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Using a graph to find velocity and position at a said time

  1. Jul 21, 2011 #1
    1. The problem statement, all variables and given/known data

    Consider the plot below describing the acceleration of a particle along a straight line with an initial position of −15 m and an initial velocity of −3 m/s.

    [​IMG]

    A) What is the velocity at 5 s? Answer in units of m/s.

    B) What is the position at 5 s? Answer in units of m.

    2. Relevant equations

    v = v0 + (a)(t)

    3. The attempt at a solution

    A) Because the acceleration is obviously not constant, I added the periods of constant acceleration, from 0 to 2 seconds and 2 to 5 seconds as so:

    v= -3 + (7)(2) = 11
    v= 11 + (1)(5) = 16
    ---
    27 (answer)

    I'm pretty sure that I'm wrong, and I'm confused about a couple of things:
    1. Is the initial velocity always going to be -3 m/s, or is it going to be the velocity that was the end point of the other equation? Because above, I got 11 m/s for the first equation - does that mean that 11 m/s will be my initial velocity for the second equation (when I'm doing the second part of the graph) as well? Or will it be -3 m/s?

    2. I know this is a stupid question, but is the time variable a change in time, in other words, the final time minus the time you're starting at? Like looking at the graph, from the interval from 2 to 5 seconds when the acceleration is constant, is "t" 3 seconds, the change in time, or is it 5 seconds, the final time the acceleration is constant? I'm confused as to what to use.

    Once I get that squared away, I'll be able to focus on part "B" of the problem.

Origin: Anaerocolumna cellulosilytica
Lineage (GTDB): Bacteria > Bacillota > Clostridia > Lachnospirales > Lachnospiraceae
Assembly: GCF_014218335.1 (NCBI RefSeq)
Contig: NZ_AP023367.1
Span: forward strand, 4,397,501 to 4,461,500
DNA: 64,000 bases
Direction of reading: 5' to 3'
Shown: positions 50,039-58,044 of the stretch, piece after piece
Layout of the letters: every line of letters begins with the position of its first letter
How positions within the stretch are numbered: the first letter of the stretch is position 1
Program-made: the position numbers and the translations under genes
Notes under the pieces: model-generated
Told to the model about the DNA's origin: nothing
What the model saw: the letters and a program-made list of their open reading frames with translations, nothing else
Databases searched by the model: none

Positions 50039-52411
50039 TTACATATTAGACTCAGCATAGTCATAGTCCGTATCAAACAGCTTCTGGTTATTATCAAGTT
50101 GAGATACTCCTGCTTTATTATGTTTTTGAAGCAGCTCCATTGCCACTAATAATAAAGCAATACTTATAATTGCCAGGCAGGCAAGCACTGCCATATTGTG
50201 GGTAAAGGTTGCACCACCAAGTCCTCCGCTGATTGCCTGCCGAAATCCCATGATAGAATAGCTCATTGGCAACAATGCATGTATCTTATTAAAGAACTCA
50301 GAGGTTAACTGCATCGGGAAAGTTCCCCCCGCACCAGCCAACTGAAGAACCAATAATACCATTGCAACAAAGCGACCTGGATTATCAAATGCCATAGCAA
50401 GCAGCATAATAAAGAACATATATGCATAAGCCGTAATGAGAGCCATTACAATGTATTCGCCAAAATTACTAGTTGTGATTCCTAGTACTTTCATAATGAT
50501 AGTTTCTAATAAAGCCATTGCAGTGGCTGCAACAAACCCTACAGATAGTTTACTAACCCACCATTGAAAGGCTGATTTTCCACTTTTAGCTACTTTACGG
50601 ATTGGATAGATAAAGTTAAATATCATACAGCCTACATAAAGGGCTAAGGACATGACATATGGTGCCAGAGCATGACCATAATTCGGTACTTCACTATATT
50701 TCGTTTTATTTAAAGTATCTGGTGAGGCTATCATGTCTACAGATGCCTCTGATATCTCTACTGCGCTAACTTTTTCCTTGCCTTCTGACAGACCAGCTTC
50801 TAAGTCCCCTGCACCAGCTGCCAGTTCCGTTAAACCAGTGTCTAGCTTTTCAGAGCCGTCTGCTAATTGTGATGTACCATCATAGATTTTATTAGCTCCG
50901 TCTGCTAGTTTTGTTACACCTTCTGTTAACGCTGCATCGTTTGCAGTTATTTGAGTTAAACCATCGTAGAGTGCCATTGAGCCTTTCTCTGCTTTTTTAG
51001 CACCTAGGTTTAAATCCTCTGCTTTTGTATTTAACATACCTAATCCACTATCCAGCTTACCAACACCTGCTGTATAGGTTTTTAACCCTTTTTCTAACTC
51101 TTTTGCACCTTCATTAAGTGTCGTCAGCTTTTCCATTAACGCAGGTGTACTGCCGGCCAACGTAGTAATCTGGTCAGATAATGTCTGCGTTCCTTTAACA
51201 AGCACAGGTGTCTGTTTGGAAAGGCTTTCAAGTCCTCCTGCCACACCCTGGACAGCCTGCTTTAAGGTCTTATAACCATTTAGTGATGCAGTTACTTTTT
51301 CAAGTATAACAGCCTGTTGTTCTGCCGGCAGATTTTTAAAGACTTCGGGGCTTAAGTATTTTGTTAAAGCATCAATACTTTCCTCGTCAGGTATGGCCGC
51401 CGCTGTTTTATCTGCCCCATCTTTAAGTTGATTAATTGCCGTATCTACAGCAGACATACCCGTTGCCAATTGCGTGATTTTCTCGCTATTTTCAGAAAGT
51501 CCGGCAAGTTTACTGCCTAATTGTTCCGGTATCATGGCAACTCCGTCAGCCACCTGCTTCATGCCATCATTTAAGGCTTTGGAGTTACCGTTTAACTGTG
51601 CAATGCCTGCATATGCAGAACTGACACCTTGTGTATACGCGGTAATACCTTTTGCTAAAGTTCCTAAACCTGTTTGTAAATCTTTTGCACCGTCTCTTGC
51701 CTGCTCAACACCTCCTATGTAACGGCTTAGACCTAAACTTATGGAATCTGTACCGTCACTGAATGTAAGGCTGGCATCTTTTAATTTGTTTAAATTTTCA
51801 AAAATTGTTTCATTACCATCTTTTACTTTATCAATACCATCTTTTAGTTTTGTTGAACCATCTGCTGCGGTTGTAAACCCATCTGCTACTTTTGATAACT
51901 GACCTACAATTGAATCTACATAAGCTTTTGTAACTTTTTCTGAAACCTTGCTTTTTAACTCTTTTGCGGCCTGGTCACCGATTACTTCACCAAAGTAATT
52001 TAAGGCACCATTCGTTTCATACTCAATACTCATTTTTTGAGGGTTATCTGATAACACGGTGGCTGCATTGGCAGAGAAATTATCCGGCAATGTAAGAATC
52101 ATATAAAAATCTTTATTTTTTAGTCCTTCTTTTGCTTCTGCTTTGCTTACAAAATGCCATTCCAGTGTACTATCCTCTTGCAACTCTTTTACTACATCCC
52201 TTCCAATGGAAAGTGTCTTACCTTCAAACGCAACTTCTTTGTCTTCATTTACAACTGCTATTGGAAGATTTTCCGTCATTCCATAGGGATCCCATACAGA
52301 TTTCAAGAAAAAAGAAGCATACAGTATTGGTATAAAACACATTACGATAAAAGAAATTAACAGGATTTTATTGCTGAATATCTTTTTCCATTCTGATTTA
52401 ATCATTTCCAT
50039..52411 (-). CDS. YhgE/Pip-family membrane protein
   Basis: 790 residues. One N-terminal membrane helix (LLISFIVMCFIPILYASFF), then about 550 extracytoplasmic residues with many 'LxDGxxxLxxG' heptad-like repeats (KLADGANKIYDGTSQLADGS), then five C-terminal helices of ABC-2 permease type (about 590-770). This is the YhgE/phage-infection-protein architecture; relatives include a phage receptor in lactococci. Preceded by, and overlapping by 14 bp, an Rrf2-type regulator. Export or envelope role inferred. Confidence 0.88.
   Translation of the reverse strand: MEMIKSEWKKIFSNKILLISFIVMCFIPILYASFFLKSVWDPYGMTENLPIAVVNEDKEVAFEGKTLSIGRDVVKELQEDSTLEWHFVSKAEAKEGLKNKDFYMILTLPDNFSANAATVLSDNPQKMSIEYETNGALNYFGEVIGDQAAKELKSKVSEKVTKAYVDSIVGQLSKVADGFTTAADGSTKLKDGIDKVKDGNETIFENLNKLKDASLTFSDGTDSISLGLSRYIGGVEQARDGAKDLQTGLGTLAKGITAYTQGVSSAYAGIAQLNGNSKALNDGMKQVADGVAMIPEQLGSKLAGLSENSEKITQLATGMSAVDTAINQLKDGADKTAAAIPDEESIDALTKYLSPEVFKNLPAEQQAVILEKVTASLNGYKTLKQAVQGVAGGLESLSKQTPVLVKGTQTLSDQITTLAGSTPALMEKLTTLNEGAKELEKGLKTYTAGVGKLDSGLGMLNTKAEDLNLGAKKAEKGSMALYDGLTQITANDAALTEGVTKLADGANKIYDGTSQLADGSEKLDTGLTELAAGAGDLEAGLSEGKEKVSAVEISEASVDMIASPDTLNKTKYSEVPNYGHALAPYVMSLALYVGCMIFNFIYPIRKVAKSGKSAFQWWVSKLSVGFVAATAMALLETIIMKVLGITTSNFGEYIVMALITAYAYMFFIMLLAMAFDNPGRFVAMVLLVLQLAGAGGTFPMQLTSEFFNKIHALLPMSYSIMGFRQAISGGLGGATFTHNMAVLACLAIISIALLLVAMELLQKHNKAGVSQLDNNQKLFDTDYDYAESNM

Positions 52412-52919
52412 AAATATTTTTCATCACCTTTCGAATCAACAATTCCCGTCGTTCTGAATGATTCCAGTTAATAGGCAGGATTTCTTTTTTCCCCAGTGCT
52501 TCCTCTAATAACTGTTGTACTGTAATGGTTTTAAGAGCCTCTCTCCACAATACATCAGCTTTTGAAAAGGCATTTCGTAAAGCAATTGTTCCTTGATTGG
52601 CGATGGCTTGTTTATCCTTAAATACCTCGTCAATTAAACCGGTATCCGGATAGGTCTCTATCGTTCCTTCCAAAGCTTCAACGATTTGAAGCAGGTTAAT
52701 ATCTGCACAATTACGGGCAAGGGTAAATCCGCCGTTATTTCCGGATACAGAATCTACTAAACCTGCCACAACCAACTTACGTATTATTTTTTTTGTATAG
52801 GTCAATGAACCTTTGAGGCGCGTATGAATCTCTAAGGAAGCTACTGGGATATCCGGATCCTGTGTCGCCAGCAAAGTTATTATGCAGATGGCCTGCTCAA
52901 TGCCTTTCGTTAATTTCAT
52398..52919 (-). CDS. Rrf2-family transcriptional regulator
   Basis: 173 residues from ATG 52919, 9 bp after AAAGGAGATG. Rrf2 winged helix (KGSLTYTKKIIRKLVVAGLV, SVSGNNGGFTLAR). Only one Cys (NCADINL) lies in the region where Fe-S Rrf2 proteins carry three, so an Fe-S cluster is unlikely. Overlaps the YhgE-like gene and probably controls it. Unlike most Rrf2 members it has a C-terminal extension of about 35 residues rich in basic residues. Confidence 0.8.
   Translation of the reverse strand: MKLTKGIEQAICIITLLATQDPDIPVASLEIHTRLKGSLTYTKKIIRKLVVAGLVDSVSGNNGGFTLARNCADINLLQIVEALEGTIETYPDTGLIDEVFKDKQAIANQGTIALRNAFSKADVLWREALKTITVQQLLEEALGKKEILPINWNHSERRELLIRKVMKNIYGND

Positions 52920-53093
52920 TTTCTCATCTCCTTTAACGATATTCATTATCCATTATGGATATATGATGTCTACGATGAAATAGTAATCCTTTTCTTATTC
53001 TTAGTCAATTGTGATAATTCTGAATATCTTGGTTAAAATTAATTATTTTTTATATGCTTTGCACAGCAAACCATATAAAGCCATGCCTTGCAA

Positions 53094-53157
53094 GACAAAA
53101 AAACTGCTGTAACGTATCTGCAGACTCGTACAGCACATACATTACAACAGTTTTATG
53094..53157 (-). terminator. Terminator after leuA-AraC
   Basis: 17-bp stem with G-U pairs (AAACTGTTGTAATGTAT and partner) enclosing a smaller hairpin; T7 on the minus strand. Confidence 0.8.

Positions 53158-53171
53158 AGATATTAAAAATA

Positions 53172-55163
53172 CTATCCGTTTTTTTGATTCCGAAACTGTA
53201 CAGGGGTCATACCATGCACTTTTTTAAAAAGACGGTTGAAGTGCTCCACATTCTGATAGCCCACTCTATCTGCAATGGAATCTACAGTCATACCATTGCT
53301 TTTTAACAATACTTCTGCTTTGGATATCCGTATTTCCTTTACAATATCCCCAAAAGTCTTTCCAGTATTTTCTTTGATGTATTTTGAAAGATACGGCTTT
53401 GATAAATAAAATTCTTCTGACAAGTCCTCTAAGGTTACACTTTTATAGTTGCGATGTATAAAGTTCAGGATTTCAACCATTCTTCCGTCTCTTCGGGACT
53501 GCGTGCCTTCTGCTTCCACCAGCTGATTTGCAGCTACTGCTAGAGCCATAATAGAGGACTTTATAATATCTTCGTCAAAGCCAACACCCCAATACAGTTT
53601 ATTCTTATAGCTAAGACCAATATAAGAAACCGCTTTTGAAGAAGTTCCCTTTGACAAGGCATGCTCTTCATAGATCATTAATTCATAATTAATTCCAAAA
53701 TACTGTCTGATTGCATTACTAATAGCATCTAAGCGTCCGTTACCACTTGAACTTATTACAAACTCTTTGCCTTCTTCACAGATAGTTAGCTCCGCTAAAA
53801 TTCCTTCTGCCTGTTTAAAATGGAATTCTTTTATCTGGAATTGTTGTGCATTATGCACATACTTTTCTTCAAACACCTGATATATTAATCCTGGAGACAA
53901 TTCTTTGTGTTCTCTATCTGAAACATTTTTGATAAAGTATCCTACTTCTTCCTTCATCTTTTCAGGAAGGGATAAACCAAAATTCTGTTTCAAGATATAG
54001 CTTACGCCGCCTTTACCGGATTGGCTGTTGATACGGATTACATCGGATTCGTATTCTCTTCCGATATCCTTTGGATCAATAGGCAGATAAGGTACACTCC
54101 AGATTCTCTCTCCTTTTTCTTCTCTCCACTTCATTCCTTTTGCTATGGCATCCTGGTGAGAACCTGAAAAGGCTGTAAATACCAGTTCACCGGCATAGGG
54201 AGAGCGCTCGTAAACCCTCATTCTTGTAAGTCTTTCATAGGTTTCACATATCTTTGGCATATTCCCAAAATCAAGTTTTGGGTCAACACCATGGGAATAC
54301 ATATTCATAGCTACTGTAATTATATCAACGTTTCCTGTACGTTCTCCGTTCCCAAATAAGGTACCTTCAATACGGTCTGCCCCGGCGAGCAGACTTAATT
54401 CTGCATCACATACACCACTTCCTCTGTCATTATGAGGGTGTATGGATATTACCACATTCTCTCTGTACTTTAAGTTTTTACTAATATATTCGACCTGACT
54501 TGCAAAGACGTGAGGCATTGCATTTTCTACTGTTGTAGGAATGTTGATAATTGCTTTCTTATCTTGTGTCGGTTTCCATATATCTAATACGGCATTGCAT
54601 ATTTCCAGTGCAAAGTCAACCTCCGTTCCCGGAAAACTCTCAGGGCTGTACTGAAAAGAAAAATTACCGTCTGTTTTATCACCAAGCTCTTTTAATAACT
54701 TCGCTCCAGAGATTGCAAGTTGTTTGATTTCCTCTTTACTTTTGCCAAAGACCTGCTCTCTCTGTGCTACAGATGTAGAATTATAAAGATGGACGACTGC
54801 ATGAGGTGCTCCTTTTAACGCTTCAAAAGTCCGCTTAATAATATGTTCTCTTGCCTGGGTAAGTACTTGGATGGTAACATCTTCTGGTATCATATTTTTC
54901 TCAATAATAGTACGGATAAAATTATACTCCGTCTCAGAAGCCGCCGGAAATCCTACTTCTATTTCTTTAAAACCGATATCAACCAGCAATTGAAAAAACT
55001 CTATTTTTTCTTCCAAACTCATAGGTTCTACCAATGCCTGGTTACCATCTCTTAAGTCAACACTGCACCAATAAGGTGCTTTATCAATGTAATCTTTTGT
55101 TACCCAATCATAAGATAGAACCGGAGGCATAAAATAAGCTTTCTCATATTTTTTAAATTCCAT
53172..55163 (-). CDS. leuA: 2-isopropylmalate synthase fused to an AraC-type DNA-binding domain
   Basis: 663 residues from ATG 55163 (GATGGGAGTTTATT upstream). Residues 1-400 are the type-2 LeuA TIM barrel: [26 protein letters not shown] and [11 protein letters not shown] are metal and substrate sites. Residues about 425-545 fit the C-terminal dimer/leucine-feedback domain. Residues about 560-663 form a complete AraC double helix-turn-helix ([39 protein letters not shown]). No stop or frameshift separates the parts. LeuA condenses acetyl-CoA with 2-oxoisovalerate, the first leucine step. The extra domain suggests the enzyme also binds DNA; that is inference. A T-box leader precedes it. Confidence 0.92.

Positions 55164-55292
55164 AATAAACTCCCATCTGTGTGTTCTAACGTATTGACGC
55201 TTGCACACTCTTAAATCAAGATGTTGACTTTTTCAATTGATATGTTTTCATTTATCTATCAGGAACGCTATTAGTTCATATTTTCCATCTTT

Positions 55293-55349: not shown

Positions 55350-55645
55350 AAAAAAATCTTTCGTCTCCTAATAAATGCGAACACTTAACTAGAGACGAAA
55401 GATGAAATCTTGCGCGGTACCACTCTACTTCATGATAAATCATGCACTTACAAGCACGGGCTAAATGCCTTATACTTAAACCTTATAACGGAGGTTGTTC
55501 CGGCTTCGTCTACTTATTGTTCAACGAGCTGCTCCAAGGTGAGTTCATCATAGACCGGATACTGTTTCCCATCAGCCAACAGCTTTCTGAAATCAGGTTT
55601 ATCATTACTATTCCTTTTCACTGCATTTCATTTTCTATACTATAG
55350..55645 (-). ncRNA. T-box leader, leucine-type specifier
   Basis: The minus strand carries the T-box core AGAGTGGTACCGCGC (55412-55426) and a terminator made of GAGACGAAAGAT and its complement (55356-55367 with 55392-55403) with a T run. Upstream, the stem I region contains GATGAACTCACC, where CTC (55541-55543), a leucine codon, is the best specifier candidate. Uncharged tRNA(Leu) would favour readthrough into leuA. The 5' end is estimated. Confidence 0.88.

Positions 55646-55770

Thanks for the help!
     
  2. jcsd
  3. Jul 21, 2011 #2

    gneill

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    Staff: Mentor

    Yes, 11 m/s will be the initial velocity for the second stage.
    For the motion equation v(t) = vo + a*t you always assume that time begins at zero. So for your calculations you want to use the Δt. That is, you "reset the clock" to zero at the beginning of each stage and then the variable t becomes the elapsed time during that stage.
     
  4. Jul 21, 2011 #3
    So I'd change my second equation accordingly, and this would be the result, right?

    v= -3 + (7)(2) = 11
    v= 11 + (1)(3) = 14

    Total velocity = 25 m/s
     
  5. Jul 21, 2011 #4

    PhanthomJay

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    yes
    no
    why are you adding the velocities?
    no
    yes
    which one do you think?
    t is the change in time, good question.
     
  6. Jul 21, 2011 #5
    I'm adding the velocities because it isn't constant over the entire time, but it is constant at different intervals, so to find the velocity at a given time, I would add all the constant velocities up to that given point, right? If not, what would I do?
     
  7. Jul 21, 2011 #6

    gneill

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    Staff: Mentor

    No, don't add the final velocities from each stage. The final velocity at the end of the second stage *is* the final overall velocity.
     
  8. Jul 23, 2011 #7
    Thanks for the help...now for finding the position at 5s, the second part of the problem I listed above, I used this equation:

    x-x0 = v0t + .5(a)(t)^2

    For 0 to 2 seconds my equation was: x-(-15) = -3(2) + .5(7)(2)^2 = -7
    Then for 2 to 5 seconds, this was my equation: x-(-7) = 14(3) + .5(1)(3)^2 = 39.5

    However, 39.5 is coming out as the wrong answer...can anyone help me with what I'm doing wrong?
     
  9. Jul 23, 2011 #8

    gneill

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    Staff: Mentor

    For the second stage the "initial" velocity should be the velocity at the start of the stage, not the end of the stage. You've used 14 m/s as that velocity, which is the end-of-stage velocity.
     
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